The Monkees’ Davy Jones Said the United States ‘Embraces’ Talent More Than His Native England
The Monkees found success in the United States and the United Kingdom. During an interview, The Monkees’ Davy Jones said Americans had a very different attitude toward entertainers than the English. He said a certain thing happened when an entertainer touched the hearts of Americans.
Davy Jones revealed why The Monkees were ‘very lucky’ in the U.S.
Jones was the only member of The Monkees who was originally from England. During a 1999 interview with E! Entertainment, Jones discussed his feelings about the U.S. “We’re very lucky because we got newscasters, and radio stations, and people all around this country, that grew up with The Monkees you know,” he said. “And it’s a country that embraces entertainmeners and talent unlike England and some other places. They always want you to prove yourself over and over again. Once you touch the hearts of the Americans, its stays with them.”
Davy Jones said being a member of the Prefab Four was ‘only’ the 1st stage of his life
Jones said being a member of The Monkees had an incredible impact on him. “And I get so much out of having been Davy from The Monkees, even now to this day,” he said. “In a way, we have a great responsibility, but I do believe not to get too far out here right now, that this opportunity that I’ve been given to be this celebrity that people know is only the first stage of my life.”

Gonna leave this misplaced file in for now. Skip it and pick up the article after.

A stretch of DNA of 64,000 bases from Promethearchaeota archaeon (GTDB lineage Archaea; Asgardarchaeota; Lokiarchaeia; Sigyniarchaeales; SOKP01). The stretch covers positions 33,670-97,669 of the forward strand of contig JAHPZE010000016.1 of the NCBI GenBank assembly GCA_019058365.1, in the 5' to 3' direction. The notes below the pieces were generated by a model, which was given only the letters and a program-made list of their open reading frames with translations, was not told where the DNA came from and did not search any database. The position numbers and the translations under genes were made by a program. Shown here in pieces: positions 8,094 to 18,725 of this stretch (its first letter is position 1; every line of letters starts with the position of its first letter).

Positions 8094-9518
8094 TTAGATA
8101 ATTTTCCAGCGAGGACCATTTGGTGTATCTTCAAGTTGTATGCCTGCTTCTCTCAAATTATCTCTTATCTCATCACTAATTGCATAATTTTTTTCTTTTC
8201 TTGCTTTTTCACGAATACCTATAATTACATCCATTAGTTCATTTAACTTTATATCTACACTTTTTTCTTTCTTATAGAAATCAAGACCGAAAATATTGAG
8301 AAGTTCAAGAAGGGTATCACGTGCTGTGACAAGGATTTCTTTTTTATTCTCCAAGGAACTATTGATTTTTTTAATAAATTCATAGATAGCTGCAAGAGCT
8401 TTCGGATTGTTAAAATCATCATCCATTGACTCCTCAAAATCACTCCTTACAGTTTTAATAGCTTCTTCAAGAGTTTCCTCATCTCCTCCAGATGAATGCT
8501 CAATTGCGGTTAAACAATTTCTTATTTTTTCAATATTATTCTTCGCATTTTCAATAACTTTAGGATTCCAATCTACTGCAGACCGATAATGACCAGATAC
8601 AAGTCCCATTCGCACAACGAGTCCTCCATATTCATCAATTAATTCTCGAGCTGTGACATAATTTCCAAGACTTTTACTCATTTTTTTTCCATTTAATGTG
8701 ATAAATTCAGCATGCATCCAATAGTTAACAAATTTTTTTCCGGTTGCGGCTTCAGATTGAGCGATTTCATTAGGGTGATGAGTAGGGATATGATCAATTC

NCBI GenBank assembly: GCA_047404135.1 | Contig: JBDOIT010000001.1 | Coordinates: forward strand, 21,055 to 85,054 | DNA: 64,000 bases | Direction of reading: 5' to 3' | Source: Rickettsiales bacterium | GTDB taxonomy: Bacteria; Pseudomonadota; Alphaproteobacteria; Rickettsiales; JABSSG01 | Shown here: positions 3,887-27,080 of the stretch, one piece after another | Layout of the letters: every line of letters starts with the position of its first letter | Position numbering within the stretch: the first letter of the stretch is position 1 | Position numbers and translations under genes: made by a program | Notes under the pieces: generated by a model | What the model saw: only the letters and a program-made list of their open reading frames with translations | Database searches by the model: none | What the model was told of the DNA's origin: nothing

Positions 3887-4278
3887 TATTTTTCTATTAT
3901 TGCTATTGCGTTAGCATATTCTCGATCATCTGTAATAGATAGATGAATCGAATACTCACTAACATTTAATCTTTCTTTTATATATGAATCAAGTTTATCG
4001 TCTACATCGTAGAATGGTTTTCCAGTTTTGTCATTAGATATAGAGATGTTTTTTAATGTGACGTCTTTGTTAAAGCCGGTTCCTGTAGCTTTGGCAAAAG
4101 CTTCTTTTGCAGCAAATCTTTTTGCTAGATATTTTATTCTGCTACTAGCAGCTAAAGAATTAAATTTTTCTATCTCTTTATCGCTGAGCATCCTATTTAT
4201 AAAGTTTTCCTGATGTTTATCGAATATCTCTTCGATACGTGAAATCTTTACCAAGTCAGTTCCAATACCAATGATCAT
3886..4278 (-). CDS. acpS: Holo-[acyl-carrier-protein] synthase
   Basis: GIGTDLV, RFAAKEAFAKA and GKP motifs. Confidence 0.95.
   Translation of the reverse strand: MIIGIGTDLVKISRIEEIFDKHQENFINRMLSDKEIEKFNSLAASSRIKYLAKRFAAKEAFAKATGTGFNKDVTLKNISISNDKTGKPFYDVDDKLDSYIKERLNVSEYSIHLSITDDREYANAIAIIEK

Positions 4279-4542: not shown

Jones said The Monkees gave him the opportunity to help others. “I’m going to be afforded the opportunity to help and care for people that I haven’t even met yet,” he opined. “I just feel that something else is waiting for me there.”
The audiences in the U.S. and the U.K. reacted to The Monkees’ albums and songs
The Monkees were massively popular in the United States. Four of their albums topped the Billboard 200: their self-titled album, More of the Monkees, Headquarters, and Pisces, Aquarius, Capricorn & Jones Ltd. In addition, the Prefab Four produced three Billboard Hot 100 No. 1 singles: “Daydream Believer,” “Last Train to Clarksville,” and “I’m a Believer.” Three of their other singles — “Valleri,” “Pleasant Valley Sunday,” and “A Little Bit Me, A Little Bit You” — also reached the top 10.
Listeners in the United Kingdom seemed less appreciative of The Monkees’ music. The Official Charts Company reports two of their albums hit No. 1 there: The Monkees and More of the Monkees. Meanwhile, only four of their songs hit the top 10: “Daydream Believer,” “A Little Bit Me, A Little Bit You,” “Alternate Title” (which was known as “Randy Scouse Git” in the U.S.), and “I’m a Believer.” Only the latter reached No. 1. The Monkees found an audience in the U.S. and the U.K. — even if they were more successful in the U.S.